on delicata

27 09 2008

New in the CSA box this week are delicata squash.  They actually go by the name Sweet Dumpling Squash because the are rounder than actual delicata.  Yet their characteristics are the same.  Both have a sweet a nutty flavor, and the skin after cooking can be eaten as well.  The usual cooking method for delicata squash is halving and de-seeding them, then dry roasting them.  They can also be sauteed, battered and fried, and cooked into soups.

Being able to cook winter squash without the having to peel the skin makes the process that much easier, and adds wonderful color to the orange flesh.

Here is a simple recipe using your new delicata

1 delicata squash

1 half yellow onion

1 cloves garlic

1 can chickpeas

1 pkg your favorite rogue creamery blue cheese

1/4 cup dried cherries.

1/2 cup port wine

frying oil

Cut delicata in half, remove seeds.  toss in oil, salt, pepper.  Bake at 400 till tender to the touch.  Remove from oven and cool

Remove chick peas from the can, rinse, dry.  Then fry in hot oil till crisp.  remove from oil, cool, and dry oil off.

Plump cherries in port wine by heating the wine up and pouring over the cherries.  Then cover bowl with plastic and let rest.

After cherries are plumped, strain out port wine and reduce using the same method as balsamic reduction.

Sautee diced onions till translucent.  Then sweat minced garlic.

In bowl mix cherries, onions, garlic and chickpeas.

Fill cooked, halved delicata with mixture and crumble blue cheese over the top.

Place in broiler till cheese is slightly melted

Before serving drizzle port wine reduction over the top.

Bon Apetite!

Mud Puddle Farm





The Promised CSA Recipes

22 09 2008

So the past couple weeks we have been slackers for our CSA members and haven’t included recipes with our CSA boxes, and we have said we would put them on the website. So, here are a few for you to try:

Salsa Verde

Put your oven on broil. Dehusk your tomatillos, rough chop a quantity of onion (about 1/2 the quantity of your tomatillos), and enough hot peppers to make your salsa as spicy as you want. Toss them in some oil, sprinkle with salt and pepper and put under the broiler.

Keep it in the oven until it starts to blacken–but just barely. Take out and blend with a few cloves of garlic.

Chilaquiles

This is a traditional Mexican dish that a co-worker of Chad and Gabe’s in Chicago taught them to make. It is delicious as breakfast, but can be eaten any time of day. GREAT hangover food! Here is a picture of the version we made last week.

Chilaquiles

Chilaquiles

1 onion, chopped

1 bell pepper, chopped

1 zucchini, chopped

2 large handfuls of tortilla chips, preferably on the stale side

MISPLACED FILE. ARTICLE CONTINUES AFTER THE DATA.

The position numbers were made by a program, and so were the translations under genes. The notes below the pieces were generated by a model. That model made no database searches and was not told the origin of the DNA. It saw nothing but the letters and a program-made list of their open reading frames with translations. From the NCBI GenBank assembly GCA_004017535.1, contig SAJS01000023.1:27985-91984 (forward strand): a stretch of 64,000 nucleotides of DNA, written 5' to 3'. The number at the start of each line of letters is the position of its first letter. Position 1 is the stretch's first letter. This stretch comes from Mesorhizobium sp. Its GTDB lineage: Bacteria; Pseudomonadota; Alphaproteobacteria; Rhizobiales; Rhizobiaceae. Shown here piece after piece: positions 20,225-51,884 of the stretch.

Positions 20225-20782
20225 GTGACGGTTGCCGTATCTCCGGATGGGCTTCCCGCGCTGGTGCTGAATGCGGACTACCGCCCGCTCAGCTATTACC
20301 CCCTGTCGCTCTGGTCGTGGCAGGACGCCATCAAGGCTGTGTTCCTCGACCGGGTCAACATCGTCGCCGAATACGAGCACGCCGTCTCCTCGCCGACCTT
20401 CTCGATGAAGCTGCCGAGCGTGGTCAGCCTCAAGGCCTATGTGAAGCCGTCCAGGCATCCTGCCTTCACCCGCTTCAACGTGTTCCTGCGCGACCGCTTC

1/2-3/4 c salsa verde (or your favorite brand)

4 eggs, scrambled

1/2 c grated cheese

Preheat a pan on your stove top–it helps if this is a pan that can go straight into the oven. Saute onions, bell pepper, zucchini. Add tortilla chips, then salsa verde. If you want it really spicy, add lots of salsa, if not, cut your salsa with water. Cook until chips are almost completely soggy.

In a seperate pan, make scrambled eggs. When they are more underdone than you usually eat them, put in same pan as chips, and top with cheese. Put in your oven (if you are eating immediately, just broil. If you need to wait a few minutes; 350) and let all bake together. We topped ours with sour cream, and this really yummy pickled pepper relish we made.

Pear Galette–great served with vanilla ice cream!

  • 1 cup all-purpose flour
  • 1 tablespoon sugar
  • 1/2 teaspoon salt
  • 7 tablespoons unsalted butter–5 tablespoons cut into small pieces and chilled, 2 tablespoons melted
  • 1 egg
  • 1 teaspoon milk
  • 2 tablespoons apricot preserves, strained
  • 2 large Bosc pears
  • 1/2 teaspoon very hot water
  1. Preheat the oven to 425°. In a medium bowl, toss the flour with 1 teaspoon of the sugar and the salt. Cut in the cold butter until the mixture resembles fine crumbs.
  2. In a small bowl, beat the egg with the milk. Sprinkle 2 tablespoons of the beaten egg over the flour mixture and stir. Working quickly, gather the dough into a smooth mass, squeezing it gently. Transfer the dough to a lightly floured surface and pat it into a 5-inch disk. Wrap in wax paper and refrigerate until firm but not hard, about 30 minutes.
  3. On a lightly floured surface, roll out the dough to a 9 1/2 -inch round, turning it clockwise an inch or two each time you roll to maintain an even shape. Transfer the dough to a heavy flat baking sheet. Fold up 1/4 inch of the edge of the dough to form a neat rim. Using a knife, score the rim in a decorative pattern. Brush the rim with a little of the remaining beaten egg. Brush 1 tablespoon of the apricot preserves over the bottom of the dough and refrigerate while you prepare the pears.
  4. Peel, quarter and core the pears. Slice each quarter lengthwise into 5 thin wedges. Arrange all but 6 of the pear wedges on the dough in a spoke pattern, overlapping them slightly. Cut the remaining pear wedges and arrange them in the center of the tart to form a decorative rose. Brush the pear slices with the melted butter and sprinkle with the remaining 2 teaspoons of sugar.
  5. Bake the galette in the middle of the oven for 25 to 30 minutes, or until the pears are tender and the pastry is crisp and golden. Carefully slide the galette onto a rack to cool slightly.
  6. Stir the hot water into the remaining 1 tablespoon of apricot preserves and brush on the pears. Serve the galette at room temperature.